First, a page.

Individuals on the spectrum shouldn’t have to fight to survive and function each day. I’ve heard individuals on the spectrum often speak about the exhaustion of managing their schedules each day because they are trying to live in a world that isn’t always aware of and sensitive to their needs. Jodie Van de Wetering, an autistic writer from Australia, explained this to me once, saying,
“It is over and above what a neurotypical person would need, and it is disheartening sometimes that I need three timers, a whiteboard and endless reminders and checklists to achieve what other people seem to be able to do with nothing more than a slim diary. But it’s not about doing what other people do, or looking sleek and elegant. It’s about getting the job done, and this is what I need to do that.”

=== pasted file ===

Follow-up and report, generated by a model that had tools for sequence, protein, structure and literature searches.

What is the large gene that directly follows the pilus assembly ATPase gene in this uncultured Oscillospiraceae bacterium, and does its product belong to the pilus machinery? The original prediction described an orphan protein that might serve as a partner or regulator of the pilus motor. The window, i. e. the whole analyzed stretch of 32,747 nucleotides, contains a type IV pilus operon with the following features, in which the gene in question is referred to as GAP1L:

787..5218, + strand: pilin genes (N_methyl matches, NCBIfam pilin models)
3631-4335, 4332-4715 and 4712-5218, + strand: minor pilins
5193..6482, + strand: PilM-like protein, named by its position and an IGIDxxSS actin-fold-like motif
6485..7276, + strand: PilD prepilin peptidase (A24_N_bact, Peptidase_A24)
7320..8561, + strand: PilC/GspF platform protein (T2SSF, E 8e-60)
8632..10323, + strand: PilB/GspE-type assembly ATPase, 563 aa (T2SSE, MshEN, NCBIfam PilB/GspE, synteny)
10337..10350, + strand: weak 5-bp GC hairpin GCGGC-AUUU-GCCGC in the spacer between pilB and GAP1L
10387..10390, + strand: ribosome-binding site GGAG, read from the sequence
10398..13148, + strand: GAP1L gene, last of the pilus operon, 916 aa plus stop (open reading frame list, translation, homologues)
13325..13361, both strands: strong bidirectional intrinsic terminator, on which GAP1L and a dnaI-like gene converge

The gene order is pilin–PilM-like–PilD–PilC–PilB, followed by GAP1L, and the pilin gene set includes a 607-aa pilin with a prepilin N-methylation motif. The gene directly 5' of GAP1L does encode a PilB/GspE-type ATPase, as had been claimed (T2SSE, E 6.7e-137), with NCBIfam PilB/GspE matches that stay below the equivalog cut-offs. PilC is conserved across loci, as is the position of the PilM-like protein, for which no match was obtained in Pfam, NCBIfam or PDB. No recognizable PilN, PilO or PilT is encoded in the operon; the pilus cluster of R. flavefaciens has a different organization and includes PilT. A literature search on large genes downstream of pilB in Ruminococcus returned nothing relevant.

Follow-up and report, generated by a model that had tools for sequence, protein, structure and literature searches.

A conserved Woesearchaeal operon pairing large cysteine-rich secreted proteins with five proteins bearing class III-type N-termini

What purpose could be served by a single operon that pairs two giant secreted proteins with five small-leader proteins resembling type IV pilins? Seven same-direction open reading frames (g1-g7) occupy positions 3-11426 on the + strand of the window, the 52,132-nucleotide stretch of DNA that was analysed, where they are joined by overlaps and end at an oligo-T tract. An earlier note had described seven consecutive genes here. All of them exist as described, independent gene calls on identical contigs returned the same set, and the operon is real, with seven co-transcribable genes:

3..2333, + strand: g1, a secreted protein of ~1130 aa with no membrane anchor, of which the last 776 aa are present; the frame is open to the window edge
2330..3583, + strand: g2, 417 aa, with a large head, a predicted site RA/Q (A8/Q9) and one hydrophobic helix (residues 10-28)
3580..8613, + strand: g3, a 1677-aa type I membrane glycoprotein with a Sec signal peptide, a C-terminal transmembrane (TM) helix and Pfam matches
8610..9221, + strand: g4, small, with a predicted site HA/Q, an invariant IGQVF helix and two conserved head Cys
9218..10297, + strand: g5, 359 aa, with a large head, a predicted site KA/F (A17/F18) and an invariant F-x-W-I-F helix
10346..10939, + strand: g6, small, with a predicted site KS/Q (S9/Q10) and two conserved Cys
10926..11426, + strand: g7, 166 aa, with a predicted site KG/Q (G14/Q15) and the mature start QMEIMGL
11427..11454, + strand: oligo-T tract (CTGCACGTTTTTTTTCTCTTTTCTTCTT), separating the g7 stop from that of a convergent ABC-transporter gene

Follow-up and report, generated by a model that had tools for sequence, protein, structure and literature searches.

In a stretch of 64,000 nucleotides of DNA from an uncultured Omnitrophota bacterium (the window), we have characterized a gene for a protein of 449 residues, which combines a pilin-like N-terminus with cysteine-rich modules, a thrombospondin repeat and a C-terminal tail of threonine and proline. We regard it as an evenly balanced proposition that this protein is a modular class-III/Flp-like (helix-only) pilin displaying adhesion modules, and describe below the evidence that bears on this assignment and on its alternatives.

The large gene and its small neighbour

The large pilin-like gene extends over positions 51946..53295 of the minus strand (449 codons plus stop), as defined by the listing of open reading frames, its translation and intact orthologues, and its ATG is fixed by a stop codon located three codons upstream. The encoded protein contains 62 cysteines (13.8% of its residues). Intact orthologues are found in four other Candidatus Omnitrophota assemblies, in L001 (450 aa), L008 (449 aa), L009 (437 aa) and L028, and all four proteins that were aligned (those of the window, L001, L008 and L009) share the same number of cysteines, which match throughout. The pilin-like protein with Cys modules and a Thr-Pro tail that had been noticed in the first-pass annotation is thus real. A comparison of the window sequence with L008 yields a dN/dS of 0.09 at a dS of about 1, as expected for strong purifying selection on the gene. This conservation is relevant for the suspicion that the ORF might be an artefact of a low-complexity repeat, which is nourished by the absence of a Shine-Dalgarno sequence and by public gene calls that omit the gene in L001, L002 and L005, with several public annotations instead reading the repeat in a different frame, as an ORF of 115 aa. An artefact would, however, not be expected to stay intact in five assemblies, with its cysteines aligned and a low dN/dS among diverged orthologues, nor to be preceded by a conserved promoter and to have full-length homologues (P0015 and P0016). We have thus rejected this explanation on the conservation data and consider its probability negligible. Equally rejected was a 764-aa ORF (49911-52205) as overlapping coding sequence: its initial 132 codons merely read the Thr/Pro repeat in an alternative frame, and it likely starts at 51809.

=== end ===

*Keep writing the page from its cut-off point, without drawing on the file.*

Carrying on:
This reminded me of how my son fought for survival after being born 3 months early and the subsequent obstacles he has faced with a diagnosis of cerebral palsy and autism. This week I wanted to share a personal essay I wrote almost 4 years ago about how my son had been putting up a daily fight to survive and then develop after his extreme premature birth. He hadn’t yet been diagnosed with autism, but the specialists were already swarming with predictions about his future. Writing this was one of the first steps to understanding the variety of different ways autistic people experience the world and beginning to work towards supporting their needs and advocating for autism acceptance.